Who, in your opinion, should be included in the 2021 Rock and Roll Hall of Fame class? The nominees are listed below. Vote for as many as you want, and tell us why the HoF doesn’t know what they’re doing below.
Mary J. Blige (1st time)
Foo Fighters (1st time)
The Go-Go’s (1st time)
Iron Maiden (1st time)
JAY-Z (1st time)
Carole King (already in for songwriting)
Fela Kuti (1st time)
LL Cool J
New York Dolls
Rage Against the Machine
Tina Turner (already in as part of Ike & Tina Turner)
Carol King is already in the HOF as a writer. This nomination is as an artist, and I’m not sure she deserves to be in for that. The Go-Gos were pioneers, but they never struck me as much more that an excellent pop group. I’m not sure that qualifies for the Hall.
I’m with you on Devo, Jay-Z, and Iron Maiden.
I think I’d probably give votes to Kate Bush and I want to vote for the New York Dolls but their run was so short I’m not sure they should qualify. Mary J Blige was also a pioneer.
I have a friend who’s a huge Duran Duran fan. I have absolutely no skin in the game, but I’m curious what the argument against them getting inducted is. They seem to have the resume for it. Any thoughts from the music crowd?
They sold a ton of records, and were popular as hell for a couple of years, thanks in no small part to MTV, and their being very photogenic.
The argument against them, if there is one, is one of influence: how much of an influence did they have on music during their heyday, and to what extent are they seen as key influencers for later performers? (I’m not sure of the answer to that, but I would not be surprirsed if their “influence” was primarily in the look of bands and videos in the '80s, and that they did not wind up being strongly influential to later groups. But, hey, I could be mistaken.)
I couldn’t believe it when I found out recently that Kate Bush was only 13 when she wrote The Man With The Child In His Eyes. It’s such an incredibly beautiful and accomplished piece of music and listening to the lyrics you can also imagine how truthful it might have been to the life of a 13 year old girl.
He’s very understanding,
And he’s so aware of all my situations.
And when I stay up late,
He’s always waiting, but I feel him hesitate.
Oh, I’m so worried about my love.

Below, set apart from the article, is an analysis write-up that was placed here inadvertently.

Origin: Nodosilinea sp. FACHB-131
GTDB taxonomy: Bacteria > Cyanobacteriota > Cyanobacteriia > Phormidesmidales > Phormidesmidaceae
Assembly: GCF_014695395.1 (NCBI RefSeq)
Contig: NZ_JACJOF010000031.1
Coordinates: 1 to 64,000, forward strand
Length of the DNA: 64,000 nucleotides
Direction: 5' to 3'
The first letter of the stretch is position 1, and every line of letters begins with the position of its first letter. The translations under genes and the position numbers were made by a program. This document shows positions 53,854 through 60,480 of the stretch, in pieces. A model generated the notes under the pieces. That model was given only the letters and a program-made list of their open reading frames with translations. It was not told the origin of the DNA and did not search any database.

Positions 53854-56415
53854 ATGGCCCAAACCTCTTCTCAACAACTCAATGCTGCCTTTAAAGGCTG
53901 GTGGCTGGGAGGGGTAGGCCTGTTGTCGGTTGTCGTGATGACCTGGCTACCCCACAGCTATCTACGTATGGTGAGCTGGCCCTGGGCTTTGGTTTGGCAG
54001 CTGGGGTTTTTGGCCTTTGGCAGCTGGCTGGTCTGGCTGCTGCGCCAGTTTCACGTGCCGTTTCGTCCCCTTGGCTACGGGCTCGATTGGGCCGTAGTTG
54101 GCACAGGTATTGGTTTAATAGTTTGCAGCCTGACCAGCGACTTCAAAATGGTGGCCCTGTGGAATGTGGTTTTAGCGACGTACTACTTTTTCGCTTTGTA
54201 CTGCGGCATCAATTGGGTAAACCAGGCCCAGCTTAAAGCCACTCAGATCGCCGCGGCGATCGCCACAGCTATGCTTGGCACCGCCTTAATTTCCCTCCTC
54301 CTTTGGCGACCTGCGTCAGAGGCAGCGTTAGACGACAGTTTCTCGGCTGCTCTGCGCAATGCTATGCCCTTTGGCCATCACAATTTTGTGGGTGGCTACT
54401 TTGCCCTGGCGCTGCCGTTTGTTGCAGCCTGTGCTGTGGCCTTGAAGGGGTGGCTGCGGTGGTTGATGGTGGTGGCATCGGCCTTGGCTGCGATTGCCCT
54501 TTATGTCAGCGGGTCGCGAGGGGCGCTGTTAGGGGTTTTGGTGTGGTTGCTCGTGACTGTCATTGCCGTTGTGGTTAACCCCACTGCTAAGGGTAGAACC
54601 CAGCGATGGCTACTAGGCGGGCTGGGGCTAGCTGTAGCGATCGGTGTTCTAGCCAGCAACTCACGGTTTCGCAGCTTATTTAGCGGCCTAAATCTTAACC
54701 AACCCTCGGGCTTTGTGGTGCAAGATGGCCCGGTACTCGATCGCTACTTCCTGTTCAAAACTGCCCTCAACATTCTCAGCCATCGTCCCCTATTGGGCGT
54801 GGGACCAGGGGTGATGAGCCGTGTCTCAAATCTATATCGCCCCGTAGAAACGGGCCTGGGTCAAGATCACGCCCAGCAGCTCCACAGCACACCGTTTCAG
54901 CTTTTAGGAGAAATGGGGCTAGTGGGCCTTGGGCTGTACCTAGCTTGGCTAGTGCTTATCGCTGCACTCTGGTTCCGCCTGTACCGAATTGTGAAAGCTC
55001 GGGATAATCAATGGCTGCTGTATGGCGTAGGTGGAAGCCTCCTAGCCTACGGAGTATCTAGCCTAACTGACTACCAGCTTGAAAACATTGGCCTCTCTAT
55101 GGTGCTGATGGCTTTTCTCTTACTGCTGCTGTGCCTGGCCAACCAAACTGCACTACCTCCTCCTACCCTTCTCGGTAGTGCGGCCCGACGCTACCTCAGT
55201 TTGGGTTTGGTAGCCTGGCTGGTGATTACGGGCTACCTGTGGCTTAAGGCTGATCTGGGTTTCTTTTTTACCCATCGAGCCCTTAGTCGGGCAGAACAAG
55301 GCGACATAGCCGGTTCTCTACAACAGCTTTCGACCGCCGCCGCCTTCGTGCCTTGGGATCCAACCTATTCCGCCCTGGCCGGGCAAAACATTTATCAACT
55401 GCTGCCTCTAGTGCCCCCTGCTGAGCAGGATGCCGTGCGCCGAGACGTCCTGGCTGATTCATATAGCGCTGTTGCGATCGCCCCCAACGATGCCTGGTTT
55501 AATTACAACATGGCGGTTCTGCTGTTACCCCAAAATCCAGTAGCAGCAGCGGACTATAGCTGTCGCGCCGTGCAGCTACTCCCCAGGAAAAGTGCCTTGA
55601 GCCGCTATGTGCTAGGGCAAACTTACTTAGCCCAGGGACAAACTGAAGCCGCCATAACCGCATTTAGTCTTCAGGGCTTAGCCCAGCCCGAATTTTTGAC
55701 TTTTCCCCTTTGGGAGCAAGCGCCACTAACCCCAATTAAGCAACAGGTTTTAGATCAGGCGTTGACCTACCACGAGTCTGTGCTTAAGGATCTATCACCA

They say, “No, no, it won’t last forever.”
The other amazing thing about her is that, when she released her album at the age of 16, she stood up to the (male dominated) music industry bosses and forced them to release Wuthering Heights as the first single. They thought it would be a lesson to her when it didn’t perform. It stayed at number one for weeks and she was probably the first female musician in the UK to have total control of her career.
That seems to be a big part of his argument - they were very influential in terms of utilizing technology and in marketing their brand. I’d think that would be a good supplemental argument, but doesn’t have much to do with the actual music they were creating (which I’m not at all qualified to make a statement on).
The latter part of that seems to be the argument that eventually got Kiss into the Hall, for what it’s worth. (NB: I don’t think that Kiss should be in there, because musically, they weren’t particularly important.)
I think Duran Duran deserves entry for their music alone. To “true” rock-and-rollers in the 80s, their music seemed like simple bubble-gum, in some part because of their flashy videos and teenage heartthrob images. But it was damn good music and they were arguably one of the biggest of the new wave bands back then. They showed a range not always apparent if you only saw them on MTV.
Fela Kuti; Chaka Khan; Tina Turner. Perhaps Dionne Warwick.
Many may not be aware of the late Fela Kuti. In Nigeria he’s a national treasure. As well known for his stands against apartheid & other political issues as for his music. He led large bands and was a stellar musician & songwriter himself. Great musicians played in his bands. His music may not be to everyone’s taste but he is well respected by other musicians and certainly deserving of a place in the hall. Head & shoulders above many on the list.
Chaka Khan has been with us for a long while. Not as well known in rock 'n roll as in jazz circles. You know that anyone who can get called up to sing with the likes of Return To Forever has got to be good.
Tina Turner. Cause she did as good without Ike as with him.
Sorry to sidetrack but I cannot let this pass without comment.
I met LL Cool J several years ago (I’ve shared this story before) and he was incredibly gracious and caring when he didn’t have to be. No cameras were rolling, nobody within earshot, just he and I having a conversation about a sick child. His concern was genuine.
(I am not at all a fan of his music, if that matters)
I’ve never known LL Cool J to be sexist or to denigrate women. Maybe on “Big Ole Butt”, but I’m sure LL would probably consider that to be the worst record he ever made. Certainly, LL has not displayed anything remotely approaching the sexism and misogyny of other rappers.
I was thinking the same thing - you can quibble on the “rock and roll” point (although LL Cool J ain’t rock and roll either) but the Father of Afrobeat is a huge figure in the history of popular music, even if he doesn’t loom particularly large in America. The man is a musical legend, if not a particularly stable individual (and also, he had like 27 wives).
As for the others, there’s none I particularly object to and a few, like Kate Bush, that I’m surprised aren’t in already.